So we ended up giving a spectrum of different mental health grants, from New York Downtown Hospital, which was treating people off the street in the days after the attacks, to the International Trauma Studies Program at New York University, which created a community-based program to support families and educators in the downtown school communities that were most affected by the events of September 11.

The largest grant we gave in this area, and in many ways the most important one, was to establish something called the New York Consortium for Effective Trauma Treatment. That started when Erica Goode, the psychology writer here at the Times, recommended that I call Dr. Randall Marshall, who runs the Trauma Program at the New York State Psychiatric Institute at Columbia. Randall came in and, with becoming candor, said, "Look, you have to understand, we're only one of four hospital-based trauma centers in the city." The others were at Mount Sinai, St. Vincent's, and Cornell Medical, which later moved to NYU. And I said, "Well, what are the chances of the four of you getting together?"

Well, he gulped — I mean, these were centers that competed with each other, and now they were being asked to collaborate. But he called me back a couple of days later and said, "Okay, we'll do it." So we cooked up an arrangement whereby each of the four institutions selected fifteen clinicians to be trained by trauma experts from around the world. The Neediest Fund put up $225,000 to pay for the training, and then another $2 million to cover fifty percent of the salaries of those sixty clinicians for a year so that they'd be able to not only treat trauma victims based on their new training but mainly to train other clinicians. And we're now up to five hundred newly trained clinicians and counting, and it thrills me to realize that, beyond 9/11, this has become a permanent resource for the entire New York community.

Let me tell you a story. I went to the very first session, at the New York Academy of Medicine, for ceremonial reasons and because I was curious, and the guest speaker was Edna Foa, a professor from Penn who people in this field all bow down to. And there are sixty clinicians sitting in rapt attention as this sweet middle-aged woman with a honeyed Israeli accent is talking about prolonged exposure therapy, where you relive the incident that caused the trauma. And in the middle of the room is a TV monitor with a clip of a forty-year-old woman who had been gang-raped when she was sixteen and was still traumatized, and she's saying, "I blame myself for having been so passive, for not having resisted more." This is after twenty-four years, mind you. There's a pause, and even though you can't hear her therapist on the tape, you can see the woman's reaction: Her brow darkens, and she says, "Well, yes, I was scared!" All of a sudden, it's as if a light bulb has gone on over her head. "You're damn right I was scared," she says. And then she slaps her hand on the table and says, "And besides, the son-of-a-bitch was heavy. I couldn't budge him!"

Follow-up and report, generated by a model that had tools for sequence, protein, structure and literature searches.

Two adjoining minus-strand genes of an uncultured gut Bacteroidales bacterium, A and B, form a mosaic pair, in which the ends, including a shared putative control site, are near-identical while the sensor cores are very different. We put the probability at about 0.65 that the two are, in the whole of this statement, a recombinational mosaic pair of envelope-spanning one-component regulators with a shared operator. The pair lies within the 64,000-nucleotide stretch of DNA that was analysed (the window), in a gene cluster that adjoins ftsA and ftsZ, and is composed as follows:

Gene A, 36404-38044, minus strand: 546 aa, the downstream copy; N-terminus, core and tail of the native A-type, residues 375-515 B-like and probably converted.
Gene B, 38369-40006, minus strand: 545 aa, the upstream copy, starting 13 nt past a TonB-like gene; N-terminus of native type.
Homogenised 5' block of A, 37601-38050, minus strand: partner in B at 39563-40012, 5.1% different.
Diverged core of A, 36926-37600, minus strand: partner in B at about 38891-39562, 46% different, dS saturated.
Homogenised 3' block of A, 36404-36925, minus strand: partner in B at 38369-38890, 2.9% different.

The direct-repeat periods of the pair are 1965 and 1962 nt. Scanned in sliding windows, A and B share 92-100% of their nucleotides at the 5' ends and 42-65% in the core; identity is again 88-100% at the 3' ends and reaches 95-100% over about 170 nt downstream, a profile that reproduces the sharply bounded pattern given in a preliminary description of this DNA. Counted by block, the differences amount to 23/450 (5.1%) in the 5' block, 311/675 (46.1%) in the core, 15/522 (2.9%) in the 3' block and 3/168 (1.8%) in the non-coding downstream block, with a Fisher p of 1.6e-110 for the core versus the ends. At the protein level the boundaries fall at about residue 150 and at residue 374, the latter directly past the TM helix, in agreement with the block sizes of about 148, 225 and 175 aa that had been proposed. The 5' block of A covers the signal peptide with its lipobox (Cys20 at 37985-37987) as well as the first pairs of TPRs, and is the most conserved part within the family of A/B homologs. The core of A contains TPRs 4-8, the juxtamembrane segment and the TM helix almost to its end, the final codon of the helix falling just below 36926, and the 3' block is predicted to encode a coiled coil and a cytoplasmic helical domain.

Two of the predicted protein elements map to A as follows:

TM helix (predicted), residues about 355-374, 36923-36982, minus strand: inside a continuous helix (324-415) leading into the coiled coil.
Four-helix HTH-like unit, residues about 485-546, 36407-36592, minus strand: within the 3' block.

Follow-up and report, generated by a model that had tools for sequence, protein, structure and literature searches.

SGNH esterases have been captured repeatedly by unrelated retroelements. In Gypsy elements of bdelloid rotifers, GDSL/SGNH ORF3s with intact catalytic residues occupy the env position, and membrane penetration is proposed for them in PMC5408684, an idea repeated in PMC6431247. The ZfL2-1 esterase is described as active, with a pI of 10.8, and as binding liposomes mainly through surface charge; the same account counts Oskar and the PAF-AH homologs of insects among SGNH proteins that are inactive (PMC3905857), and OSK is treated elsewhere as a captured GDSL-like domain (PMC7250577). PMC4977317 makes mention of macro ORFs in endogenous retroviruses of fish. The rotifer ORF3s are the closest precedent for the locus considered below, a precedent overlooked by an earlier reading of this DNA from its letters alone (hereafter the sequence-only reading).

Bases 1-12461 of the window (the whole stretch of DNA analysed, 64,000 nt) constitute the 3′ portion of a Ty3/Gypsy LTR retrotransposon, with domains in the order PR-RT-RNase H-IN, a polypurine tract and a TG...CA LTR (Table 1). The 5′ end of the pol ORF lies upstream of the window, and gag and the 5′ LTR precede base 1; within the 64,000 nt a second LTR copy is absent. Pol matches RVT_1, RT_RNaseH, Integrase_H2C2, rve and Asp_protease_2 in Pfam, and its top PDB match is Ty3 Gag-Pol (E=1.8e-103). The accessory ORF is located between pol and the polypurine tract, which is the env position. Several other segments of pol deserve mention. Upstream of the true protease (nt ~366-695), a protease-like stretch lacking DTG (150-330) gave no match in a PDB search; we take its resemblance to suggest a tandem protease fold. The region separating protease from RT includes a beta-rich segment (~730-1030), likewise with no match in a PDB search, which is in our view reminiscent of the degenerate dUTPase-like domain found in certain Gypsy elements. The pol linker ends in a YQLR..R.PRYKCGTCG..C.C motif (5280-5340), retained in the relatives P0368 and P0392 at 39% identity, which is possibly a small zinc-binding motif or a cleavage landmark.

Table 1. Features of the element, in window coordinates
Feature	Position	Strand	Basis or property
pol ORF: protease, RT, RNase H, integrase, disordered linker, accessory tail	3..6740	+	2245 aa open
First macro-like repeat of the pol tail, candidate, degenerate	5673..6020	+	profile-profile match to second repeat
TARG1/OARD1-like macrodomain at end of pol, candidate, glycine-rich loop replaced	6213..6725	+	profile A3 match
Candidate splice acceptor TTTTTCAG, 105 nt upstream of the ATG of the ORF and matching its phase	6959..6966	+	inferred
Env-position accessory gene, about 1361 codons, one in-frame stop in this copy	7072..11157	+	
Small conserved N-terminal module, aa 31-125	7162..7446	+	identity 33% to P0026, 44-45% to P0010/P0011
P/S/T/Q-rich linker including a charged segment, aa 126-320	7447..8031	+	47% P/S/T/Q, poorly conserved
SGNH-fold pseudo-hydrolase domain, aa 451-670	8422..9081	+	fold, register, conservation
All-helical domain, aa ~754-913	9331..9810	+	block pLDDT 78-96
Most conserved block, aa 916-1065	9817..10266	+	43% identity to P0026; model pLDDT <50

Well, in that moment, I understood what toxic meant. If this kind of therapy is done well, you can release the patient from the trauma, but if it's done poorly you trap them in it. And that's what the Consortium is about: helping professionals to do it well. Rachel Yehuda, who's a professor of psychiatry at Mount Sinai and director of the Traumatic Stress Studies Division there, conducted a sample study in which she divided 9/11 patients into three categories: those who were treated by their own shrinks, those who were treated by the original sixty clinicians trained by the Consortium, and those who were treated by the five hundred clinicians who were students of the original sixty. And she came up with two impressions: One was that there was a distinct difference between the first group and the trained group. The patients of therapists without the advanced training have done much less well. They dropped out of treatment more often and their problems were more severe. And two, she found there was no difference between those who were treated by the original sixty and those who were treated by the five hundred. Which was a wonderful, reassuring indication that the training was being passed on effectively.